I don’t usually cook with long grain rice because it takes so long to make. But when a friend of mine moved and gave me the remains of her kitchen, she left me with an indiscriminate container of a mystery long grain rice that I simply felt I couldn’t put to waste. (Was it brown basmati? We’ll never know.) This dish is very filling and incorporates a nice variety of textures, from crunchy to soft to chewy. Don’t be afraid to mix and match the dried fruit and nuts to your liking!
Oh, my friends. My friends! (Especially you, Jenna and Ally!) I’ve been sitting on this recipe long enough. Some of you have been nagging me to post it for more than a year. Behold the two-step teriyaki: Step 1, marinate. Step 2, bake. ‘Tis all. I’ve done this with salmon (which I maintain is the absolute best vehicle for this homemade sauce), but you can do it with tofu, chicken, or presumably anything else. I think I originally got the idea for this from my friend Gill, who got it from her dad. Thanks, Gill and Gill’s dad!
My lovely friend Clive has a hookup with a local man who raises beefalo, a beef-buffalo hybrid. I received my share of our meat today, so I decided to cook one of the chuck steaks along with some of the leeks from our farm-share. This new concoction is made entirely in the crock-pot and will melt in your mouth. I can’t tell you how simple it is–actually, wait, I can!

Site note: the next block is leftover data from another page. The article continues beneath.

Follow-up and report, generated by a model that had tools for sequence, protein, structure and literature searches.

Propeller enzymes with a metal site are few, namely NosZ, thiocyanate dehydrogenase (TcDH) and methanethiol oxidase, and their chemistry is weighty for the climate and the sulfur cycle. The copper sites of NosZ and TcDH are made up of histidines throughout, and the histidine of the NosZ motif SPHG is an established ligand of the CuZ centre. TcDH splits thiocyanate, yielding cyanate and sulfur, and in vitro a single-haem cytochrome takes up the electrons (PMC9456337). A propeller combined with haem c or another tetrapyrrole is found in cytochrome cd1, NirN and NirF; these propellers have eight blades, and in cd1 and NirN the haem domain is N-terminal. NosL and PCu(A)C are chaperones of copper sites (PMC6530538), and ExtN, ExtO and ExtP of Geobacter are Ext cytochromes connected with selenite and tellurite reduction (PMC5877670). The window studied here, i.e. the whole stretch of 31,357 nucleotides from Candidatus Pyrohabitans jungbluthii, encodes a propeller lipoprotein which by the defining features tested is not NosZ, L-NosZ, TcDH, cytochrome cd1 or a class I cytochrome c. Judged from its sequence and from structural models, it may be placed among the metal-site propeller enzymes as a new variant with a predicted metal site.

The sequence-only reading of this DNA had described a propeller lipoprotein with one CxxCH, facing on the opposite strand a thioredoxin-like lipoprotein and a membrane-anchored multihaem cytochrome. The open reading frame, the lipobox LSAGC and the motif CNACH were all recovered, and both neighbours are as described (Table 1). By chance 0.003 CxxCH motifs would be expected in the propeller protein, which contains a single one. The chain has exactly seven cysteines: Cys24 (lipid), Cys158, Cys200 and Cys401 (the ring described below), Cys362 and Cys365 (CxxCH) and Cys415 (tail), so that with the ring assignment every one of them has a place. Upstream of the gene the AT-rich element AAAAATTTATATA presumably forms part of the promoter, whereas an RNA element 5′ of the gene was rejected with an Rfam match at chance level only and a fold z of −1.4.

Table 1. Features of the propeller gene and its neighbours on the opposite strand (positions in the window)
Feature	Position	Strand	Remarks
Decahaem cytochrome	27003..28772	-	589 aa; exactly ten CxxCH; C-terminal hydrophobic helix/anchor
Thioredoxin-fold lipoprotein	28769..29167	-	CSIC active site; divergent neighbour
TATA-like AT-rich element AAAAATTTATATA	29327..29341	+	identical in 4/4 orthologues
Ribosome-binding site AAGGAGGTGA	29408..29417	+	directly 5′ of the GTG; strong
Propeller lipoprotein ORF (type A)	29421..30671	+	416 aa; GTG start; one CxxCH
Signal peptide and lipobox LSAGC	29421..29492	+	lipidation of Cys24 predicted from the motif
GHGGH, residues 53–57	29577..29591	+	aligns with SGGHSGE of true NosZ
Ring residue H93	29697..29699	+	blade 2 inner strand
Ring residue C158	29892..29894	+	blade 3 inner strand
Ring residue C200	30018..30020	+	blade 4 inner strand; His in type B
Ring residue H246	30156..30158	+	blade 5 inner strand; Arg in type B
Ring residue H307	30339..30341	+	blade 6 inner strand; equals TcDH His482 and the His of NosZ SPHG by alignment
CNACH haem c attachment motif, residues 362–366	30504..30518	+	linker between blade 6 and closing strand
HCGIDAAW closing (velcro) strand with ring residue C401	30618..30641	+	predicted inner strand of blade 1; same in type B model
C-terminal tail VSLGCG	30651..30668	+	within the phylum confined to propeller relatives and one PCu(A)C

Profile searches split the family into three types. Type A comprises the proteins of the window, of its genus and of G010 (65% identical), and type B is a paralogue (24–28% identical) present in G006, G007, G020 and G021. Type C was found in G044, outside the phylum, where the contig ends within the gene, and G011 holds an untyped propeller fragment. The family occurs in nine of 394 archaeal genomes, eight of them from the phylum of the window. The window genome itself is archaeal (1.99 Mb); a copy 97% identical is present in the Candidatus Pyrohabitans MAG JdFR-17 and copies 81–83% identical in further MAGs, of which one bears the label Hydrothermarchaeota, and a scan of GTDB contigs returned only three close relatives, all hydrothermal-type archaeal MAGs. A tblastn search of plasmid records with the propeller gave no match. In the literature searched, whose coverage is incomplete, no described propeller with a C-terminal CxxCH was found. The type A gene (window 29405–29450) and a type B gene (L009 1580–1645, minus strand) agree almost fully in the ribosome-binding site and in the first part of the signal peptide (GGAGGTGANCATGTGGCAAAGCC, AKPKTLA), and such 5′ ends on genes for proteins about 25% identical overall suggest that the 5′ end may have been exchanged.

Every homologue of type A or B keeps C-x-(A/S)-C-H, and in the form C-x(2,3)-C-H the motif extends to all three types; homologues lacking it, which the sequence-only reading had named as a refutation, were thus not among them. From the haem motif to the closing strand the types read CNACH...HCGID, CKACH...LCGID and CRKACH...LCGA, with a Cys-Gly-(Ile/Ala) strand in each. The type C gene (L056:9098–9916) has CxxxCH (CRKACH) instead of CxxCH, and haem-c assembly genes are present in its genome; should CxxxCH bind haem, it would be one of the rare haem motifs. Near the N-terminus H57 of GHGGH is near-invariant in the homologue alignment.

And I really mean next level. I had actually never cooked a delicata squash before, but I received one in my farm-share this week, and I figured that I should take the opportunity to create a new dish rather than follow someone else’s recipe. So I combined it with several of my favorite foods–obviously we’re talking garlic, cheese, and almonds–and put the temperamental oven in my new apartment to good use. This is the first PhD Kitchen recipe I’m posting from our new home. It’s fantastic. It will make you want to make casseroles out of all of the squashes ever.
I used to love breadcrumb-crusted fish way back before I went gluten-free. A few weeks ago I decided to try substituting cornmeal for breadcrumbs, and this is the result. It is, I think, the best fish I have ever cooked. It takes about five minutes to prepare and fifteen minutes to bake. Your bread-eating friends will have no idea what’s hit them.
When I need some protein and I’m not willing to do much more than open a package of said protein, I reach for the tamari (that’s gluten-free soy sauce, for those who are unfamiliar) and make this superfast marinated treat.
Coronation chicken was invented in 1953 to celebrate Queen Elizabeth. It’s a flavorful salad with a heavy Indian influence. I recently threw a high-tea themed baby shower for a friend whose pregnancy has made her detest chicken, so I decided to give it a go with eggs, and it turned out quite well!